The Big Island – Hawaii – Day 6


We drove back to the Volcano overlook this morning to see it one last time before we head to the Southernmost point of the United States. This is the third time we’ve driven this road, so we’ve heard the Shaka guide story about the Hawaiian Queen who converted to Christianity and threw rocks in the lava lake and read scriptures and nothing happened to her.  Madam Pele, the Goddess of the Volcano, didn’t react in anger and erupt like everyone expected.  It’s been fun to see my children interested in some of the history, songs, and food of the island.

Leaving Volcano National Park, we drove to Punaluʻu Beach, a black sand beach, where we hoped to see turtles resting on shore.  We walked up and down the coast, but we didn’t see any.  Then as we were watching Bryan and Caleb play in the water, Bryan accidentally touched one not realizing it was swimming right by him.  As we looked closer, we could see several turtles swimming in this area. 

The fine black sand at this beach is actually caused by hot lava hitting the cold ocean water and shattering like glass into tiny pieces.  Most of the black sand beaches we have seen so far have just been small round lava rocks, so this beach was unique.  The boys loved the warm soft sand.

We found out how well it sticks when when you are wet or sun screened or just mildly sweaty.

There was a very small Christian chapel (built by the first Christian convert in the area) at the top of the hill that we walked to.  It has cement benches that could fit 12 people (our full family would take half the seats).  They hold services every Sunday.  It had two walls and a roof, basically enough of a structure to block the sun and weather (depending on which direction the wind was blowing) but still let it be outdoor and open.  

We then drove to the Southernmost point of the United States and learned about a 40 foot (12 meter) cliff jumping area. Shaka Guy told us all about the risks of jumping and none of us were really planning to jump. However, when we pulled over and there was a good group already there and we saw several people jump without any issues, Bryan decided he wanted to try it and did it without issue. Caleb then decided he wanted to try and after a while he got up the courage to jump as well.  Here is a video of them both jumping together.

The only way to get back up is to climb three metal ladders joined by chains. They rest against tires attached to the wall but there is still plenty of movement so it’s a bit scary just getting back up.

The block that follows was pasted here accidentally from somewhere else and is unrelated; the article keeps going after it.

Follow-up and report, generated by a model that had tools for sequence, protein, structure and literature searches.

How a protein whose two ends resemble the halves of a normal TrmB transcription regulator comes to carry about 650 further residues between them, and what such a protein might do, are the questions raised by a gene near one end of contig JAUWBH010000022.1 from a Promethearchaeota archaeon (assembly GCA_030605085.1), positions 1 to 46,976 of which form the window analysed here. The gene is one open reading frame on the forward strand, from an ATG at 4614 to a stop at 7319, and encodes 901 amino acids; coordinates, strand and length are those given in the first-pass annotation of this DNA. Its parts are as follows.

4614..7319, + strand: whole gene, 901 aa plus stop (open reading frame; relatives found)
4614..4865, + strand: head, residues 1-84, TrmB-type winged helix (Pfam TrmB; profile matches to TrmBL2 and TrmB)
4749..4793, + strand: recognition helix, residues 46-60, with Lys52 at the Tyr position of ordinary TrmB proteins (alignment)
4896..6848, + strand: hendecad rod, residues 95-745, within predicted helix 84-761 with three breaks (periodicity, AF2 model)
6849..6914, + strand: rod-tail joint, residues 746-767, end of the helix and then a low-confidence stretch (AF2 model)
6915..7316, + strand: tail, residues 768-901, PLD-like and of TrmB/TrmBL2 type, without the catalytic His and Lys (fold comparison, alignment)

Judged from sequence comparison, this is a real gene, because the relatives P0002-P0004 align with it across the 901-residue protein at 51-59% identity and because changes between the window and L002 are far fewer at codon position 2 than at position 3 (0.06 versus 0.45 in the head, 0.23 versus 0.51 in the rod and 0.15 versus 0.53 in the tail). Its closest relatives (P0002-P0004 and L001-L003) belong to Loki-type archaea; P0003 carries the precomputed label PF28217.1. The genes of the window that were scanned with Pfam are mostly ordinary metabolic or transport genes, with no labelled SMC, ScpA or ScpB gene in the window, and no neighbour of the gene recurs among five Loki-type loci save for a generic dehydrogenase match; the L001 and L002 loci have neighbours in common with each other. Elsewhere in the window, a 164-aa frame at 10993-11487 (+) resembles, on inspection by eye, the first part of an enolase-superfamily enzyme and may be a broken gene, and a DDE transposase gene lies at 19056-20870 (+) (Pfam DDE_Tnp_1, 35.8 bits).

Katrina started considering it, but her fear of heights made it very difficult for her.  We recorded several attempted jumps and finally she decided she couldn’t make herself do it.  I had told the kids I had no interest in jumping and that the last time I jumped from this height I got hurt (the olympic pool in the town of Lava Hot Springs Idaho – 22 foot / 7 meter jump with my arms out wide).  At this point we had been here for well over an hour and I was pretty bored.  Bryan had jumped 7-8 times and Caleb 3-4 times.  I decided I might as well go for it.  It took me some time to commit, and even then I had to give myself a slow 15 second countdown. I focused on psyching myself up and loosening my muscles by swinging my hands and the wrists and rolling my head.  I jumped when I reached 0 without backing out and I didn’t get hurt so I’m pretty happy. This was definitely one of the kids favorites things to do so far. Caleb said he could now tell all his friends that he went cliff jumping at the end of the world.

Our next destination is Papakolea beach, which is one of only 4 green sand beaches in the world. This beach get’s it’s green color from the large amount of olivine crystals that are mixed into the sand. Unfortunately there isn’t a paved road that takes you to the beach – the parking lot is 3 miles away from the beach. We had planned to walk both ways, but due to the time at cliff jumping, I decided we should pay to get a ride one direction and that we could walk back.  The cost was $10/person one way.  They prefer to only let you pay for the roundtrip, but since there were five of us, they decided to let us pay for the one way.  The ride was pretty crazy, they must wear out their trucks pretty quickly on the sharp lava rock and bumpy path.  There were so many paths it seemed as though they would use one path until the ruts got too deep and then they’d just make a new path.  The dirt was very loose and light and would just blow away leaving big ravines where the cars had driven. 

The beach was pretty cool and the sand was more green than I expected.  Where it was wet it looked like a deep olive green color, but where it was dry and compared against the black rocks and other colors (like a white tree), made the greens pretty evident.  

The beach was also perfect for body/board surfing because it was pretty steep and the waves crested pretty close to shore.  The boys had a ball and had some pretty good surfing. 

We hiked the three miles back to the parking lot in about an hour and reached the car just after sunset. 

Our hotel tonight is the Big Island Bed and Breakfast.  It is a very nice place with a lot of land and fruit and nut trees.  The owner, Kelly, is very social and told us all about the property, the different fruits (Breadfruit, papaya, guava, bananas) and nuts (Macadamia), how she purchased the home, etc…  She has two big dogs to chase away the wild pigs and other rodents.  She has bees to pollinate everything.  The place has a shared kitchen, so we bought and made pizzas for dinner, a small gym, theater room, games, etc…  The kids all loved it here and wanted to stay longer (or just move in).

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